There are groups of bacteria that can be of fundamental help for fungi and plants to acquire nutrients from the soil, essential for their survival. This is the discovery made by a group of scientists from the Boyce Thompson Institute (BTI). This discovery, according to the statement issued by the same institute, could be useful for devising new ecological methods to make the soil better for crops and reduce the use of traditional fertilizers.
Specifically, the researchers found that two species of arbuscular mycorrhizal fungi, i.e. fungi that establish relationships with the roots of plants, are characterized by the presence of colonies of bacteria that live along some of its filament structures called hyphae. It is through these long structures that the fungi can extend away from the plant and reach the ground. The researchers found that these communities of bacteria are very similar to those of the surrounding soil.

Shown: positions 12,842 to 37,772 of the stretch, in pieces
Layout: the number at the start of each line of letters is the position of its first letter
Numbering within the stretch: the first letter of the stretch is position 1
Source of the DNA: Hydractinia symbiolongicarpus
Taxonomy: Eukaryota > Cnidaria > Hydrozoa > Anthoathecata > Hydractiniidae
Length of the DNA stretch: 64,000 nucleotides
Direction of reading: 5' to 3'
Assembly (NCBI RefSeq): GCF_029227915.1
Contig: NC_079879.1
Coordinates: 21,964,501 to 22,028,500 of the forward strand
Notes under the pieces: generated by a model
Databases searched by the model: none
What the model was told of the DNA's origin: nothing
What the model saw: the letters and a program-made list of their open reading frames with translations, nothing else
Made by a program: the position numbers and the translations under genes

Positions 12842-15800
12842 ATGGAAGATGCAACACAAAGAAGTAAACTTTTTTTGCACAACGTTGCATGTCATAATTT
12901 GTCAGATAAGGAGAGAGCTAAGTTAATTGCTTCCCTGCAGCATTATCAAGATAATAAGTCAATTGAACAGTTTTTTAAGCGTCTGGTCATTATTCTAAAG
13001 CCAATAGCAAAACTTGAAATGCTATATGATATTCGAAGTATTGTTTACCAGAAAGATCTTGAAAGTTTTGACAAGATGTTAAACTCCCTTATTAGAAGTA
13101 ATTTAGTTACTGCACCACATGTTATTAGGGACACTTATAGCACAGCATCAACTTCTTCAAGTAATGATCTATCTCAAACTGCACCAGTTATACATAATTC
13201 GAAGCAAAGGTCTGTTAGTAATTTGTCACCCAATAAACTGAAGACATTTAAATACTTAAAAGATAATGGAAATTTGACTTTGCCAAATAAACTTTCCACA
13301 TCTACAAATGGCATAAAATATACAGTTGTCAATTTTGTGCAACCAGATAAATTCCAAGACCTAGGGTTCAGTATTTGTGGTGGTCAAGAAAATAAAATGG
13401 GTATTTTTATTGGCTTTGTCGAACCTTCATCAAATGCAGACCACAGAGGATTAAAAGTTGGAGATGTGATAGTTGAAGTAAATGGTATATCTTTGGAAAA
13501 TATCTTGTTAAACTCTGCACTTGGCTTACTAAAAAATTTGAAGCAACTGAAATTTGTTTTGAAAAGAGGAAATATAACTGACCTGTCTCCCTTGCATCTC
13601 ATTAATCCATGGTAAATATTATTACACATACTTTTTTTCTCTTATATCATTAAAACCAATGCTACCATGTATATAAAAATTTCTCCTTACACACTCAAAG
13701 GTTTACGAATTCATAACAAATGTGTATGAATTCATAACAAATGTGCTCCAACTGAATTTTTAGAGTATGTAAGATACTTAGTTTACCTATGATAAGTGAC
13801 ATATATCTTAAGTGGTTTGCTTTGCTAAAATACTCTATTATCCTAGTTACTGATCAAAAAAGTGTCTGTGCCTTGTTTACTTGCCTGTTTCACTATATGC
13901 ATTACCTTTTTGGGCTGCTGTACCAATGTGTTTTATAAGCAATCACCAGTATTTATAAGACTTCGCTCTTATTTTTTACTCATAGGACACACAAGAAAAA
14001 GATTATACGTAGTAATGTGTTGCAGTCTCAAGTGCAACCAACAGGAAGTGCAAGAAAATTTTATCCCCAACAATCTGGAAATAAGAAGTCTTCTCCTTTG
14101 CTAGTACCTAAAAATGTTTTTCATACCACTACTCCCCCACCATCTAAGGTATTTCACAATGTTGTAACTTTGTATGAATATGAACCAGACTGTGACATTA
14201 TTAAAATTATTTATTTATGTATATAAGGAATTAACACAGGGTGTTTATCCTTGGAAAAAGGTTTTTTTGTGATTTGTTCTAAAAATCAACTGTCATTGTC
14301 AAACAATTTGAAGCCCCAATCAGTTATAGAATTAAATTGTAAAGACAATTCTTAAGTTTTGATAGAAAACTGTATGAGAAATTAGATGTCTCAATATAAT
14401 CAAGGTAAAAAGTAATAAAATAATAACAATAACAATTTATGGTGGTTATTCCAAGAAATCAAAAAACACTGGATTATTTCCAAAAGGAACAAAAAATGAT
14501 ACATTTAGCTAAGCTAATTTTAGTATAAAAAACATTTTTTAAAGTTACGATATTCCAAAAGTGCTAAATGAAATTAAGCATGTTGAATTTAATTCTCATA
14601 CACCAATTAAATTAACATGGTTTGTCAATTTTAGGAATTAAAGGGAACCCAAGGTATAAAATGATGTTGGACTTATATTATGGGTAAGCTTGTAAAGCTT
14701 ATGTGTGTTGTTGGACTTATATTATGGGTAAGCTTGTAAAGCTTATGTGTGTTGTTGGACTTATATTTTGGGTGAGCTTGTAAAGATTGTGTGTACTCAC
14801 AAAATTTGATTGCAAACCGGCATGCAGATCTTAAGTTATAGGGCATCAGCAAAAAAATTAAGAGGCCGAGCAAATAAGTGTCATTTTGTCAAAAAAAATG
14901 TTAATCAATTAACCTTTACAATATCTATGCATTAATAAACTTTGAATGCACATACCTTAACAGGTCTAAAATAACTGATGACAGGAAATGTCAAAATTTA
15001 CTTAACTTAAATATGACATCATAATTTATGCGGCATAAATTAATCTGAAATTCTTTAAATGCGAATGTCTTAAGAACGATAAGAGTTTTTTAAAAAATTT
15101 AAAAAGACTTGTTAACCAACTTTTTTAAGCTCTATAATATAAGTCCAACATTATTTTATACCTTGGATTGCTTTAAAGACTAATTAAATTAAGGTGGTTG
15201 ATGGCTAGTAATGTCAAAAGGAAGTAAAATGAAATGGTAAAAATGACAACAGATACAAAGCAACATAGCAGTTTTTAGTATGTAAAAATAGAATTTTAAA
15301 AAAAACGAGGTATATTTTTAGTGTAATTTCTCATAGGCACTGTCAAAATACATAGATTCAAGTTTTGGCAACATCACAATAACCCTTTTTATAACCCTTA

According to Maria Harrison, one of the scientists involved in the study, this means that the hyphae of fungi have their own unique microbiomes, as well as many organs or areas of the human body, starting with the intestine. According to the researcher, among the functions that these bacteria have is to acquire phosphate from the soil, an important nutrient for fungi but also for plants.
Researchers carried out their studies on two species of arbuscular mycorrhizal fungi, Glomus versiforme and Rhizophagus irregularis. They cultivated these mushrooms in three different types of soil by making them enter into symbiosis with a herbaceous plant related to the wheat plant, the Brachypodium distachyon.
After 65 days, the researchers performed gene sequencing to figure out which bacteria were attached to the hyphae of the fungi, finding remarkable consistency in bacterial composition with soil communities. «We expect some of these bacteria to release phosphorus ions in the immediate vicinity of the filaments, giving the fungus the best chance of capturing those ions,» Harrison reports. «Learning which bacteria have this function could be the key to improving the phosphate acquisition process of fungi for the benefit of plants.»